Seniors: Add These Books to Your Reading List in 2017

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Seniors: Add These Books to Your Reading List in 2017

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When it's cold outside in the winter, what’s better for a senior to do than curl up with some hot coffee or tea and a good book?

Many of the residents in our Cincinnati retirement community enjoy reading not just as a pastime, but as a passion. The Deupree House Book Club meets on the second Tuesday of every month in our Conference Room. And a few of our residents are writers in their own stead.

Looking for a good read to get you through the chill weather? Today, we thought we’d share with you a few of our favorites.


Yates Paul, His Grand Flights, His Tootings

by James Baker Hall

The late Kentucky poet laureate’s first novel was published in 1963 and continues to delight readers today. It’s less widely known, but often compared favorably to its contemporaries A Catcher in the Rye and One Flew Over the Cuckoo’s Nest.

This darkly comic book follows 13-year-old Yates, the best (and youngest) photographer’s assistant in all of Lexington, as he struggles with familial strife, his father’s inattention and crushes on older women.



by Graham Swift

Upon its release in 1983, Waterland was hailed as Swift’s masterpiece and was subsequently shortlisted for the Booker Prize. It is a highly regarded British novel and considered one of the seminal examples of New Historicism.

The book is narrated by Tom Crick — a middle-aged history teacher who is going through a divorce — who, in the course of giving a lecture to his students, confesses the hidden, meandering story of his childhood on the River Ouse, interweaving it with the story of his own impending split from his wife. Crick ties the loose ends neatly together for his students with thoughts about the place and people of his native East Anglia, and its larger relationship to a Cold War world on the nuclear brink.

Waterland is a tragic tale of adult regrets, adolescent wonders and childhood secrets. And it’s well worth the read.



we.pngby Yevgeny Zamyatin

One of the first books banned by the new Soviet government after its publication in 1921, Zamyatin’s novel We is a quintessential dystopian novel about the authority of the state run amok.

Set at some point after the Two Hundred Years’ War, the last remnants of humanity reside within a walled-off city called the One State. Nearly all buildings in the One State are made of completely transparent glass (to make surveillance easier); all individuals are known only by identification numbers and their actions are completely dictated by state-issued computer logic.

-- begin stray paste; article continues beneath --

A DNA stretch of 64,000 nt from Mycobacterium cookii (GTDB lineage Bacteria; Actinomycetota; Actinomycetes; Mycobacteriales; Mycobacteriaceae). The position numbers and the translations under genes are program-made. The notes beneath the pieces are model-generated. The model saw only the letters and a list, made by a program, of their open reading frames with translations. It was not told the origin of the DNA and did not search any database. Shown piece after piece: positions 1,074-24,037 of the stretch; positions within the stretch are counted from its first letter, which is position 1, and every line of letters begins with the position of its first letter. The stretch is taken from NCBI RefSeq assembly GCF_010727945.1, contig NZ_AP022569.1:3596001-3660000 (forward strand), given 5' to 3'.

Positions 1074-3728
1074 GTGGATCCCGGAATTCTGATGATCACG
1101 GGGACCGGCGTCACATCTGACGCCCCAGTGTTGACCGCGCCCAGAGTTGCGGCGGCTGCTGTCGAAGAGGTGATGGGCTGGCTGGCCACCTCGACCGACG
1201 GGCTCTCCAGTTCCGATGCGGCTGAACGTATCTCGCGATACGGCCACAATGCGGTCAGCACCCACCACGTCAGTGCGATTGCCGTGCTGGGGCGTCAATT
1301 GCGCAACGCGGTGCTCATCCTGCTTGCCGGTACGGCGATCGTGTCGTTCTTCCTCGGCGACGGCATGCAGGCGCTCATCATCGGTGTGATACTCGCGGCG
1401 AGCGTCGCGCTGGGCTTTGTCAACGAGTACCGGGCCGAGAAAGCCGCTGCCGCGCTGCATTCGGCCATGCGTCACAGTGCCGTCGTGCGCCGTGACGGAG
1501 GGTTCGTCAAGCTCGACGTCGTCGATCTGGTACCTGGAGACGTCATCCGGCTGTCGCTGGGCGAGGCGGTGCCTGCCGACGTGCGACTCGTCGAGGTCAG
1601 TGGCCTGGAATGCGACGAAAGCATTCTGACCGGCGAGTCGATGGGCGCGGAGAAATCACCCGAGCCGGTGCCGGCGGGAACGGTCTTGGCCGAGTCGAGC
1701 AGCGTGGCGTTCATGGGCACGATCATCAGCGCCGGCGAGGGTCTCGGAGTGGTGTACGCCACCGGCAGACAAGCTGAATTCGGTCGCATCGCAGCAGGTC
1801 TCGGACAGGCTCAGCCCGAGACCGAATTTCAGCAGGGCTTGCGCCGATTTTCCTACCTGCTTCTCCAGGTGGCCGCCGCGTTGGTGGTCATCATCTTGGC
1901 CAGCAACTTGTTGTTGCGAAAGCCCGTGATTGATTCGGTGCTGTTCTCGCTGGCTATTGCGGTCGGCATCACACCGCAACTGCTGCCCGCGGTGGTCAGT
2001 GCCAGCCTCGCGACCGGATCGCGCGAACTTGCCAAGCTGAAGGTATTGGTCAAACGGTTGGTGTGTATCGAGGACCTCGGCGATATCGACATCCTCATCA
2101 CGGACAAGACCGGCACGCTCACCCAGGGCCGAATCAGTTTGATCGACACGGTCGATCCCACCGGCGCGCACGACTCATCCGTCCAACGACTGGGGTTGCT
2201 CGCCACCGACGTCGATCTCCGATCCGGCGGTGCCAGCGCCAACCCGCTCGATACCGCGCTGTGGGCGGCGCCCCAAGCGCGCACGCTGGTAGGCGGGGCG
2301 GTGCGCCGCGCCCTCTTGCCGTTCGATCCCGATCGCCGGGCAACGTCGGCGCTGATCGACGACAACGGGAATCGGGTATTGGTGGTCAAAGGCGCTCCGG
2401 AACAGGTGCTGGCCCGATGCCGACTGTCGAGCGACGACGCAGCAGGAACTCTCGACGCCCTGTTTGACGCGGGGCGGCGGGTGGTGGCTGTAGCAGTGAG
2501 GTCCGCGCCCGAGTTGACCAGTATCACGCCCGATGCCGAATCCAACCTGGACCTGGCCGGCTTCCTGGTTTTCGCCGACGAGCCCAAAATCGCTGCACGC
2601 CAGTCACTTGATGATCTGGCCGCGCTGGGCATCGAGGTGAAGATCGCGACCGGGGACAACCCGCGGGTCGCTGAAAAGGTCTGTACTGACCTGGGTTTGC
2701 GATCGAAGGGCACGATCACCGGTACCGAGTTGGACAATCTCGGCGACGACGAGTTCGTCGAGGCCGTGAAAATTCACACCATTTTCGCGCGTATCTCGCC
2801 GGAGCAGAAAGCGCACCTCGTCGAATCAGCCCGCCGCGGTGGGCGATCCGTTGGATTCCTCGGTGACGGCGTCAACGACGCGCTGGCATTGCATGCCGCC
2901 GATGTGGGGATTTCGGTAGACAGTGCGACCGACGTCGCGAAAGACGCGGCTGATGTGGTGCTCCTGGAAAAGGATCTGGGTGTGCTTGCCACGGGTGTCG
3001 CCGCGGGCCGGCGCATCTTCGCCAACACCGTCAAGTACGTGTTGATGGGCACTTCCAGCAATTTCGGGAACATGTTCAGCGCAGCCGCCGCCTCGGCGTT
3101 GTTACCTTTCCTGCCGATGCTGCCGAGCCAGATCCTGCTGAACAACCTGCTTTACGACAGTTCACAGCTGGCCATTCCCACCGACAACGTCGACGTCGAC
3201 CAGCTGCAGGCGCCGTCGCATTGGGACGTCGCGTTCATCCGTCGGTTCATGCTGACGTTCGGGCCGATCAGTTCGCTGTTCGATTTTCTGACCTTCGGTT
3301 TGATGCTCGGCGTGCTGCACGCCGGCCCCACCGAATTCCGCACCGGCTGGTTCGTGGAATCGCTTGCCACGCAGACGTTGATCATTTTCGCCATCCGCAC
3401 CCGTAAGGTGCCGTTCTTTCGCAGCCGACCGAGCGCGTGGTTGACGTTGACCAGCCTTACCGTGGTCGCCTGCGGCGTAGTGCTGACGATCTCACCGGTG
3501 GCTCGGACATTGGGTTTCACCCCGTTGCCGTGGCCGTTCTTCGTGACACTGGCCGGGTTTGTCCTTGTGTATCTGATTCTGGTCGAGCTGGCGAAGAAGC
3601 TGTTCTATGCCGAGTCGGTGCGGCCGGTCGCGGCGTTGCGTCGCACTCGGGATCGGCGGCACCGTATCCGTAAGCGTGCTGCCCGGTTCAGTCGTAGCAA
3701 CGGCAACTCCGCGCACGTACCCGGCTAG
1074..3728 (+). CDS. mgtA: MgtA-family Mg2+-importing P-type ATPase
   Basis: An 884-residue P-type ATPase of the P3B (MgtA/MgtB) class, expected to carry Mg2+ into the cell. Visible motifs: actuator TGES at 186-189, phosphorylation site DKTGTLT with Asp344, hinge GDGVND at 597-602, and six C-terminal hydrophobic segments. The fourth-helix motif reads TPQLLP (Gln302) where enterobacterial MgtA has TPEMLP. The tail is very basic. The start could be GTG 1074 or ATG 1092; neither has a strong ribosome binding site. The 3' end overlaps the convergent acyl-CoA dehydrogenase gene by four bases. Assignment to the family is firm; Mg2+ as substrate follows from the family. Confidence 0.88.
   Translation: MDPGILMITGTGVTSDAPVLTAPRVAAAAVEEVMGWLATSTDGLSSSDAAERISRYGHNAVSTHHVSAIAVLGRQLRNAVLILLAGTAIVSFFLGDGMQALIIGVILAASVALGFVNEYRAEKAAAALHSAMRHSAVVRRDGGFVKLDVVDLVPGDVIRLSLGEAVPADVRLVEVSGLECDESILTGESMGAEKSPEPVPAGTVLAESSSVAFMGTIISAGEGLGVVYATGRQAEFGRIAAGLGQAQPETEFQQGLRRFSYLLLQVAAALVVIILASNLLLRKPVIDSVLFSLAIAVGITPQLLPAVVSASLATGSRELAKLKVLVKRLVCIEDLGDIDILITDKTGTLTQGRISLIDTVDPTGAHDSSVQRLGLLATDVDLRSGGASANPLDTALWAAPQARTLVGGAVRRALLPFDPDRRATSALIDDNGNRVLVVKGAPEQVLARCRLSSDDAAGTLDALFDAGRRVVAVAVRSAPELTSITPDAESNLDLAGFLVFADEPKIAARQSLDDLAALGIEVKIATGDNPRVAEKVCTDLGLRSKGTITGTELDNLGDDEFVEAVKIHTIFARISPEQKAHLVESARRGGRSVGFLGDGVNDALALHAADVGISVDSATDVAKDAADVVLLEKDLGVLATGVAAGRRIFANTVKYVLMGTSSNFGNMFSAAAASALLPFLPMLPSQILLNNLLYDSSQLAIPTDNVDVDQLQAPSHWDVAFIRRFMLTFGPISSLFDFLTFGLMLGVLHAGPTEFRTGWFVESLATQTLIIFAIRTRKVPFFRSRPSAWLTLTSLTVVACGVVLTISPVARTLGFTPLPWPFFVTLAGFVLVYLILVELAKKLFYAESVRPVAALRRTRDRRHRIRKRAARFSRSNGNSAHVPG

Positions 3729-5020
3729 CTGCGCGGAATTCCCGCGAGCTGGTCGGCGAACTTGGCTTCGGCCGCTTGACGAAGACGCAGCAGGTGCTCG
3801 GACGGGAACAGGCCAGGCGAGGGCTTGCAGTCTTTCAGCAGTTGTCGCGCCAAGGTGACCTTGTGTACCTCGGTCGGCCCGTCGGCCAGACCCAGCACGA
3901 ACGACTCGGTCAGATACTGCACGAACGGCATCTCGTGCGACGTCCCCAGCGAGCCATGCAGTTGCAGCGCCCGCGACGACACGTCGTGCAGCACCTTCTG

D-503 is a spaceship engineer who is working on a new design for an interstellar warship. He meets and falls in love with the mysterious I-330, a woman who seems, bewilderingly to him, not to be under the control of the One State. Their affair exposes him to a heretofore unknown world outside the One State, where humanity is reasserting itself.

We was smuggled to the West after it was banned and Zamyatin became one of the first Soviet dissident artists-in-exile. His novel profoundly influenced later works like Huxley’s Brave New World, Orwell’s 1984 and George Lucas’ film THX 1138.


In Country

by Bobbie Ann Mason

Another offering by a Tristate author, In Country is told through in the voice of Samantha “Sam” Hughes, a teenage girl living in Hopewell, Kentucky, in the early 1980s.

Her father, Dwayne, was killed in action during the Vietnam War before Sam was born, and she has recently become more than a little obsessed with learning about him. Sam lives with her grandmother and her uncle Emmett (also a Vietnam veteran and an alcoholic suffering from post-traumatic stress disorder) because her mother has left her in their care, moved to Lexington with a new husband, and taken a job.

Together, Sam and Emmett help heal each other’s wounds — voids left by war and family strain — and plan a life-changing trip to Washington, DC.

Choices above didn’t tickle your fancy? Head to the library and choose something on your own!

We’re fortunate to have a wonderful library system here in Hamilton County, including the Hyde Park branch, just down the street from Deupree House.

A Public Library of Cincinnati and Hamilton County membership is free and entitles you not only to check out printed books, but also to the system’s enormous catalog of downloadable eBooks and audiobooks, as well as distance learning programs and other internet-based services.

Even seniors who are aging in place and can’t get out much can enjoy access to the larger world through a library membership — and a few great winter reads.

Planning Ahead Guide

Bryan Reynolds
February 22, 2017
Bryan Reynolds is the Vice President of Marketing and Public Relations for Episcopal Retirement Services (ERS). Bryan is responsible for developing and implementing ERS' digital marketing strategy, and overseeing the website, social media outlets, audio and video content and online advertising. After originally attending The Ohio State University, he graduated from the College-Conservatory of Music at the University of Cincinnati, where he earned a Bachelor of fine arts focused on electronic media. Bryan loves to share his passion for technology by assisting older adults with their computer and mobile devices. He has taught several classes within ERS communities as well as at the Osher Lifelong Learning Institute run by the University of Cincinnati. He also participates on the Technology Team at ERS to help provide direction. Bryan and his wife Krista currently reside in Lebanon, Ohio with their 5 children.

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